In December of 2017, I started acquiring the first assets of my investment portfolio. Since I thought my experience would be useful to other Belgian investors, I decided to document it through my blog. I subsequently wrote about passive investing in Belgium and the asset allocation in my portfolio.
This is the first report of the performance of my portfolio. It covers December 2017 up until June 30th 2018.
As you can see, I started buying assets in December 2017 and continued purchasing until April 2018. At that moment, I decided to not touch it anymore until I rebalance. During rebalancing I will also invest some new savings.
Here are the most important numbers as of July 1st 2018:
- I spent €25,466 in acquiring my portfolio.
- This number includes the transaction costs which were €84 in total. That means that 0.33% of the purchase value goes to transaction costs.
- The net asset value is €25,564.
- Overall, this means that the return for the first 6 months has been a meager 0.38%. Certainly not a stellar number but I’m not worried as I’m in it for the long run.
Comparison with savings account
At my bank, BNP Paribas Fortis, the annual interest rate is 0.11%. Over half a year, this is roughly 0.06%. Our not-so-good return is still a lot better than just keeping the funds on a savings account!
Comparison with S&P 500
Using this handy calculator we can calculate what the return would have been between December 1st 2017 and July 1st 2018 if we had invested the full amount into the S&P 500: 3.098%. Quite a lot better than our portfolio.
Performance per asset class
Let’s see how the various assets in the portfolio have performed.
A few observations:
- MAA (MSCI World Index) makes up the biggest asset in my portfolio, at 50%.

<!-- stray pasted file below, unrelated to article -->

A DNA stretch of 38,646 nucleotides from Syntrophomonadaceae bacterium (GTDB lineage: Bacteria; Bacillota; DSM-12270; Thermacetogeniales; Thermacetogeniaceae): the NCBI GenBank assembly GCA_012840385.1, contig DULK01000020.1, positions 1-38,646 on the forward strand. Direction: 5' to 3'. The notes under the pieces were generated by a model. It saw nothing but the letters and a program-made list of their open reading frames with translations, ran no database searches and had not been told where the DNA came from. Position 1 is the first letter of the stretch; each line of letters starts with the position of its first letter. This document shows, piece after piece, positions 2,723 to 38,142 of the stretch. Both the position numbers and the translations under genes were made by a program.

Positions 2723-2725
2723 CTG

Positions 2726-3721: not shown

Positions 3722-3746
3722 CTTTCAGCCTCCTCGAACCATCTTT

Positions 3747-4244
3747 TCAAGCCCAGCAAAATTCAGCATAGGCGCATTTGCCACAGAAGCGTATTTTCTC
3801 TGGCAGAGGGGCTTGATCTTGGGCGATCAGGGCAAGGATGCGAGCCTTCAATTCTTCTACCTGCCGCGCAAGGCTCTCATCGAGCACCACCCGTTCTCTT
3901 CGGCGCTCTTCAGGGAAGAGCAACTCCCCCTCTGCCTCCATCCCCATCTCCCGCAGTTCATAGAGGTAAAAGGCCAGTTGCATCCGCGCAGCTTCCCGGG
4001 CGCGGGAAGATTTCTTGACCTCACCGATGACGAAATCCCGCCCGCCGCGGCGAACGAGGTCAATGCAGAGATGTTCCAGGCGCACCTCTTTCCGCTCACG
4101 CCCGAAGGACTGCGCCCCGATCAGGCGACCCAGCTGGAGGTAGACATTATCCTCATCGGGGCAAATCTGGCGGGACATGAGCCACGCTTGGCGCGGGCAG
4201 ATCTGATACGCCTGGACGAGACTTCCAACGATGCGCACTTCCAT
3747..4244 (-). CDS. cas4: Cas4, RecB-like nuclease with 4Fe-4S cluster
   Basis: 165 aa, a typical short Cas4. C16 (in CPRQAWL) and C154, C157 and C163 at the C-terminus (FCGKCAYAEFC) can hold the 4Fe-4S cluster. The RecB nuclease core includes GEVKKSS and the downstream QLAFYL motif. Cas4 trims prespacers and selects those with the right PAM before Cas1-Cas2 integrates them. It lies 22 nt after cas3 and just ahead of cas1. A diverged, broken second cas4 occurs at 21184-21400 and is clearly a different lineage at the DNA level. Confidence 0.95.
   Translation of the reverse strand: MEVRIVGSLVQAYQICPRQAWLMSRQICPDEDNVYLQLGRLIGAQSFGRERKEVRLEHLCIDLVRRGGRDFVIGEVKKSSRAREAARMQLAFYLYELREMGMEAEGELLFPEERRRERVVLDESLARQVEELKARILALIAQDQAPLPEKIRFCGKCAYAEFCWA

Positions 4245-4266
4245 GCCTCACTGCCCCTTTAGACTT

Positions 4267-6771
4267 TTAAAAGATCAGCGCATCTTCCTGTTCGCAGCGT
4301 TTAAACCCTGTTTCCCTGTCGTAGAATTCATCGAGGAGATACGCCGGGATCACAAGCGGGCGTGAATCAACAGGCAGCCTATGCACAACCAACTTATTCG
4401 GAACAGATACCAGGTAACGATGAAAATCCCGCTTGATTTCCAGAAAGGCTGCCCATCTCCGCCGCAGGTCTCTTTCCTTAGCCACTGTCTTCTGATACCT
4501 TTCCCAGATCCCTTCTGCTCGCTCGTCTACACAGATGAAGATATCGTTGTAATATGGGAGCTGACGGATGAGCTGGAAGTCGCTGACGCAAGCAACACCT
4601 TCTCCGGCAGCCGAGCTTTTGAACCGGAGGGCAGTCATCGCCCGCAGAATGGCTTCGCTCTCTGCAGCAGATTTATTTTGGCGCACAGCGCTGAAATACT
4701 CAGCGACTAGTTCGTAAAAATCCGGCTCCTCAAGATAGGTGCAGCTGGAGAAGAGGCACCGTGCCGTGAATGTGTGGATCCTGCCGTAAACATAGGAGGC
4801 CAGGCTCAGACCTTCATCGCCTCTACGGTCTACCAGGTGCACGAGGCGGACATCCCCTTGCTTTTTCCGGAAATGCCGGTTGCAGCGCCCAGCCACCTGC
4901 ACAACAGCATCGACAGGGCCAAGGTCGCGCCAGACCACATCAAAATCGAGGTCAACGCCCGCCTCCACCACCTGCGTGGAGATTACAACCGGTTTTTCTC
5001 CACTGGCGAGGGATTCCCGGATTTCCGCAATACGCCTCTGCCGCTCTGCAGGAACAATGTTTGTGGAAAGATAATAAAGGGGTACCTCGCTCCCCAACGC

- XMME (emerging markets) has been hovering around 0 until last month, when it dropped. I have a suspicion this is caused by the trade wars that were started by Trump.
- TNOW (technology) is an industry-specific fund that represents 3% of the portfolio. I bought it at the very beginning but I now would like to sell it as I am of the opinion that industry-specific funds do not contribute to the diversification of the portfolio.
- EPRE (REIT fund) has been doing very well.
Correlation between asset classes
It is interesting to look at the correlation between the various asset classes because that allows us to test our diversification.
We can see that the emerging markets fund (XMME) is negatively correlated with all other funds, which is not surprising considering it is the only one that has been going down. Negative correlation is what we want! Because that means that our diversification works.
All the other funds are quite heavily positively correlated.
I have to say that I was expecting a higher return than 0.47%. However, I know that it is still very early and this is only the first report. I’m looking forward to the next one in half a year. That one should also include a rebalancing and a new injection of funds into the portfolio.